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The Dilemma of the Abrasive Leader in the Workplace… and the Solution

It’s my job as a conflict advisor, mediator, and Boss Whisperer® coach to detect the disconnects within relationships that create destructive conflict and division in an organization.

Sometimes I can see a conflict brewing that is more than a one-time personality clash between two people — it’s chronic behavior that needs addressing before it poisons the entire team or organization.

When this behavior comes from a leader, the conflict costs are high and can be measured in dollars (1) as well as in the immeasurable harm to the people within the abrasive leader’s sphere. Here are just a few of the costs:

  • Attrition of valued employees who request transfer out of the leader’s department or leave the company altogether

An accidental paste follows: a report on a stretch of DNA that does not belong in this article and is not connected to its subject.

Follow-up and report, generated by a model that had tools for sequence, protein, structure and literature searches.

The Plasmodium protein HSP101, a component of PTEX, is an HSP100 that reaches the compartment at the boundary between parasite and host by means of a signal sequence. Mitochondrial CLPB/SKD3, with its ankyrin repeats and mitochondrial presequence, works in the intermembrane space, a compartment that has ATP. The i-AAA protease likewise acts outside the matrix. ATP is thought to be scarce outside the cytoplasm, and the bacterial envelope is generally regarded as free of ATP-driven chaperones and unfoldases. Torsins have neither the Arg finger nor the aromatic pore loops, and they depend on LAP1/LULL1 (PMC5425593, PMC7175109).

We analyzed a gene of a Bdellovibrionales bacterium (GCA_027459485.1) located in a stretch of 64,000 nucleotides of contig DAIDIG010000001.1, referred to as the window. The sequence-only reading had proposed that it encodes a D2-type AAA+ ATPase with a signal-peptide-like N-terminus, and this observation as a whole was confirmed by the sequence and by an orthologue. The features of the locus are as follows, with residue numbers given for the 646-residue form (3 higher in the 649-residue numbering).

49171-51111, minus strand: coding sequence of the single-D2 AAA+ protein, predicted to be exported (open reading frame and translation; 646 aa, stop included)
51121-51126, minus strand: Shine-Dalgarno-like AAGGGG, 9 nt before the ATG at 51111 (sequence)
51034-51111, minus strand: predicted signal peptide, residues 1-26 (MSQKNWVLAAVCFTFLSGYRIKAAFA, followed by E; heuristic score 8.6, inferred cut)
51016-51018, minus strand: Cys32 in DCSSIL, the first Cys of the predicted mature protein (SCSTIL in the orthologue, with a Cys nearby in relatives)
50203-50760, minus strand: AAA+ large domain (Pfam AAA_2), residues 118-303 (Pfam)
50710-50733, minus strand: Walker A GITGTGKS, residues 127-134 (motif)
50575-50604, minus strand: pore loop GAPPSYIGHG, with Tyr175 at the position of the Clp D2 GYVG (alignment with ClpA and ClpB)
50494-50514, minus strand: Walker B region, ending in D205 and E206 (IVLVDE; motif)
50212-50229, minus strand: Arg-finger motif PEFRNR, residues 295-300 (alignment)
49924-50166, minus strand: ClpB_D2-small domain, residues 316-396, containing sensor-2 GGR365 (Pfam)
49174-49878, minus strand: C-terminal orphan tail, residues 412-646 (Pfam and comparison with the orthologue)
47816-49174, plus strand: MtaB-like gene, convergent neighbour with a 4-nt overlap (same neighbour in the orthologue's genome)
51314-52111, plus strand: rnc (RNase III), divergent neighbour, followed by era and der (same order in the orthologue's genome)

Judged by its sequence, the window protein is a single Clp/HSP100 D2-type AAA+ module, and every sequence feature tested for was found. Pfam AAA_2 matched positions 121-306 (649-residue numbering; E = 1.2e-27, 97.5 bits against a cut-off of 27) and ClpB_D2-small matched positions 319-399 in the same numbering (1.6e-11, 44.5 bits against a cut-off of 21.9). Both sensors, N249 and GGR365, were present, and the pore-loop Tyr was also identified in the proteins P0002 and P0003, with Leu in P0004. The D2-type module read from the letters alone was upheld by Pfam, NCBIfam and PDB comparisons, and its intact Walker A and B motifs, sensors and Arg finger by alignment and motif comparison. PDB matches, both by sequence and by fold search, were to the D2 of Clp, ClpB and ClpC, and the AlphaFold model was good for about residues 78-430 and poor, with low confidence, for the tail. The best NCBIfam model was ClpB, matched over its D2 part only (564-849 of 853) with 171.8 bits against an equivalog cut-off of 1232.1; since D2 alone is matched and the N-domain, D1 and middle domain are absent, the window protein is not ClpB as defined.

• Reduced productivity, increased absenteeism, lower quality of work as a result of stress, defying or avoiding the leader
  • Potential loss of valued customers and stakeholders who become targets of the behaviors
  • Eroded reputation of the organization
  • Mistrust of management seen as condoning this bad behavior
  • Potential or actual harassment litigation

Abrasive behaviors cause emotional distress and disrupt organizational functioning. I have seen this behavior bring a team, and even a company, to its knees.

Workplace bullying is never acceptable—and it’s getting worse.

Our definition is any interpersonal behavior that causes emotional distress in others sufficient enough to impede their productivity or disrupt organizational functioning. It isn’t just a personality conflict — it’s a chronic pattern of disrespectful behavior.

Abrasive behavior is characterized by interpersonal interactions that are perceived as disrespectful and unwanted by the recipient

Abrasive behavior can range on a continuum from mildly irritating to severely disruptive.

Abrasive behavior has the effect of violating the recipient’s dignity and/or creating an intimidating, hostile or offensive environment.

Thought experiment…

Consider each situation below and answer the question: What would you do if…